But the real tension at present is between Charles Leclerc and Max Verstappen. Across the first four races this year, both cinched a Grand Slam weekend, something that two drivers haven’t done in the same F1 season in decades. (In motorsport the Grand Slam is when a driver gets pole position in qualifying, the fastest lap in the race and wins after leading every lap of the race.)
But not everyone has been so lucky.
Leclerc’s Spanish teammate at Ferrari, Carlos Sainz, is still hustling for his first win. He’ll be eager to prove his worth in Miami, or else fade into Leclerc’s shadow.
Meanwhile, Max’s team mate at Red Bull, Mexican driver Sergio Perez, has been racking up podiums and achieved his first pole. Carlos and ‘Checo’ both need to score big points all season long for their teams, Red Bull and Ferrari to have any hope of winning the constructor’s championship, something Mercedes look unlikely to achieve this season.
Last year, Mercedes again won the constructors’ title and its star driver, Lewis Hamilton, cemented his status as F1’s Greatest of All Time, collecting yet more records if not his eighth drivers’ title. This year however, Mercedes’ mighty progress has halted. Yet some other F1 teams remain wary of Mercedes, “They are coming,” warns Red Bull boss Christian Horner.
American boss Zak Brown has lead McLaren’s revival and currently they are ahead of Mercedes – using a Mercedes power unit. Lando Norris and Daniel Ricciardo both delivered points, while Lando got another podium under his belt by with an outstanding drive in Imola, another P3. Lando will also be hungry for his first win.
Haas, F1’s American team, have bounced back this season. The team had a season to forget last year but switched attention to developing their 2022 car early on. This bid paid off, and Haas have come out swinging this season, posting their best quali ever in Imola. The resurgent team, powered by a Ferrari power unit, was buoyed this year by the return of Kevin Magnussen, alongside Mick Schumacher, son of German F1 legend Michael Schumacher.
Alfa Romeo are also enjoying the improved Ferrari power and sit in fifth place in the constructors’ championship. Four-time world champion Sebastian Vettel is leading the Aston Martin revival under Canadian owner Lawrence Stroll. While Williams, powered by a Mercedes power unit, won a point via Alex Albon with some smart strategy in Australia. Red Bull’s sister team Alpha Tauri are keen to deliver on early promise.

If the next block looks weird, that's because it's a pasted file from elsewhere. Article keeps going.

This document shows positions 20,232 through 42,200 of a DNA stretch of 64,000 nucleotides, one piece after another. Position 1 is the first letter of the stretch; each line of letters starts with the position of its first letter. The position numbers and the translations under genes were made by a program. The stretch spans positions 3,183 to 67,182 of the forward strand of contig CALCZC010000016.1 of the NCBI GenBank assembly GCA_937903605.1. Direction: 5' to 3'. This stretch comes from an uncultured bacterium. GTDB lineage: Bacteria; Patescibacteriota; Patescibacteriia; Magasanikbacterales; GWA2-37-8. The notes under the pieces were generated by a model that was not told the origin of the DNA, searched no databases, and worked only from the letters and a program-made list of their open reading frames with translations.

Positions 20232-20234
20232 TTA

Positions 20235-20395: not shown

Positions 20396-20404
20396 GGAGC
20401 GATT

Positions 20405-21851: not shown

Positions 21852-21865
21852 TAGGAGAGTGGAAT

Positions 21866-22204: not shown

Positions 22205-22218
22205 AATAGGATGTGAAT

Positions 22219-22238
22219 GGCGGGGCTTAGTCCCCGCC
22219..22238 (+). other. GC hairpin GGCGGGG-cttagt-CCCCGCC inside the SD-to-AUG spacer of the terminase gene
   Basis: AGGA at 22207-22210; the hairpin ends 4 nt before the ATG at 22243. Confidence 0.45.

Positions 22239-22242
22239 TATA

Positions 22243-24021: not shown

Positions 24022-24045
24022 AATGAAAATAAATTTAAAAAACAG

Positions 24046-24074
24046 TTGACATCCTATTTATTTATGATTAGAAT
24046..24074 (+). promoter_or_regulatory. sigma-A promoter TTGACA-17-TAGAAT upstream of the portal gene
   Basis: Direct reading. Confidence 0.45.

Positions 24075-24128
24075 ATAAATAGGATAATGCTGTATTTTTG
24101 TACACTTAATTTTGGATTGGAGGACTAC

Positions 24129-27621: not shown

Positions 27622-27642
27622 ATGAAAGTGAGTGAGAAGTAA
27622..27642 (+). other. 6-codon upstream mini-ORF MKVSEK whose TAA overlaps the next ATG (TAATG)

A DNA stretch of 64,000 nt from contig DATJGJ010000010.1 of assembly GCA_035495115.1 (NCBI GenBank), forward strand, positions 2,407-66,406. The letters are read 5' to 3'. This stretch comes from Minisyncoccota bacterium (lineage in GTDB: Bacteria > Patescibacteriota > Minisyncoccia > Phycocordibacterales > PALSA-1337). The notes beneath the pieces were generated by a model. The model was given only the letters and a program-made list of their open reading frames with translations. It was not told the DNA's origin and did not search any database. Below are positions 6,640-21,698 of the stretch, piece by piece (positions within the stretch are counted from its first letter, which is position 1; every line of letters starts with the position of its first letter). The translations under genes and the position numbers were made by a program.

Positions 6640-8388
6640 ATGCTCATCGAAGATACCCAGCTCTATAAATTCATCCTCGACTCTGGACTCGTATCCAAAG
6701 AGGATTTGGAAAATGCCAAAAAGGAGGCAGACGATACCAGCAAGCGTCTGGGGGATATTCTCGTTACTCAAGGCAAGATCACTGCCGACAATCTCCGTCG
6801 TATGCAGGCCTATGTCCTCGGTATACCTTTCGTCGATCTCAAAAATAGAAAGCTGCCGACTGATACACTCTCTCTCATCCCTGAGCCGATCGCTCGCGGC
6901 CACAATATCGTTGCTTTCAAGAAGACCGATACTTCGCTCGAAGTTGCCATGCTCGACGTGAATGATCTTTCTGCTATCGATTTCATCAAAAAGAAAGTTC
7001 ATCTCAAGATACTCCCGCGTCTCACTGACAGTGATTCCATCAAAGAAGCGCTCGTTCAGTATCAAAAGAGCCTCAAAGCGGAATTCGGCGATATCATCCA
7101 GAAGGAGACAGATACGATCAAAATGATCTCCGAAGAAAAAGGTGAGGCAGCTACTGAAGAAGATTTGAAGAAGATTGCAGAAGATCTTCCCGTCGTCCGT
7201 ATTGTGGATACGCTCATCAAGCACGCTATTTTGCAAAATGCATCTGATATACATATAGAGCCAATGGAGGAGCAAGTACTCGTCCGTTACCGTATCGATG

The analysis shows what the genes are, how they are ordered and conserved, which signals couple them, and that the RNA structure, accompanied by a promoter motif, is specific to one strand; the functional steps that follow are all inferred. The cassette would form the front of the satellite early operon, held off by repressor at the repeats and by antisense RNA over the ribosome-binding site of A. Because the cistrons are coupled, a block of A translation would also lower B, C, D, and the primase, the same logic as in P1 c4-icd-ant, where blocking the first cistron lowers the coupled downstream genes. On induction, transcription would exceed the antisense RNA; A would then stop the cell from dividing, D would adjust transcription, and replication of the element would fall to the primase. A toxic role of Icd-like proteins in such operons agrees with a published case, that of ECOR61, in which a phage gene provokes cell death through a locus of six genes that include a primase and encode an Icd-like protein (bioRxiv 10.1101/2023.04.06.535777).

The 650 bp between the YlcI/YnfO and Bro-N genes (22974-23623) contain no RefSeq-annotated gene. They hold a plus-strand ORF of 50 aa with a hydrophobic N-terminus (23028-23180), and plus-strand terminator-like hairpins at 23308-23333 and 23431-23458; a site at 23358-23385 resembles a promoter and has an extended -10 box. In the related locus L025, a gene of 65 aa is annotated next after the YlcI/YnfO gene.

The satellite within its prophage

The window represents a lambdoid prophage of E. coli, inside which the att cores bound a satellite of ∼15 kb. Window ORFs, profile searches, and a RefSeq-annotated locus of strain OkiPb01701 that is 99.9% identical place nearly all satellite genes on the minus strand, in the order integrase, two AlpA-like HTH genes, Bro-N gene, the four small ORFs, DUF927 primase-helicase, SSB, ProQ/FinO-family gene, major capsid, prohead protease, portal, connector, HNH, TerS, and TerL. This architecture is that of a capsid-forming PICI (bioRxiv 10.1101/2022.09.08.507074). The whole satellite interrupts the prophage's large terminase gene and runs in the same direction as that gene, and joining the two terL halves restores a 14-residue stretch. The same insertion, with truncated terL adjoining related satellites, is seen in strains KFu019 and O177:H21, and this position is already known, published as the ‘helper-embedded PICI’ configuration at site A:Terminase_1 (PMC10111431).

And two-time world champion Fernando Alonso and French driver Esteban Ocon both driving for Renault-powered Alpine team, are poised for more surprises. Alonso felt like he was in with a chance of pole in Australia.
How the race weekend works
An F1 weekend lasts three days. Every track session builds up to the main event, the Grand Prix, which takes place on Sundays. But there is lots to tune-in for before the GP – Saturday Qualifying rounds, for one, are essential viewing.
Here’s a quick breakdown of how the schedule works:
FRIDAY PRACTICE: Fridays are all about learning the track, gathering data, and trying out different ‘set-ups’ to find the best ways to maximise performance over two 'Free Practice’ sessions
SATURDAY PRACTICE: Saturday Practice: Saturday’s start with the final Free Practice, the last chance to fine tune set ups before the competition starts for real with Qualifying.
SATURDAY QUALIFYING: This is an intense and unmissable one-hour event. The five slowest cars get eliminated in Q1, then again in Q2. With ten cars down, only the top ten get a chance to deliver their final fastest ‘flying lap’ in Q3. How each driver places determines the grid order for the start of the Grand Prix the next day. The fastest driver is the polesitter and starts in the front row of the grid in P1 – exactly where you want to be.
SUNDAY GRAND PRIX: Sunday is the main feature; the two-hour Grand Prix in Miami is a first with millions of fans watching live around the globe. Check out the latest news on our Miami Grand Prix hub page.
For the full details of the Miami schedule, see here.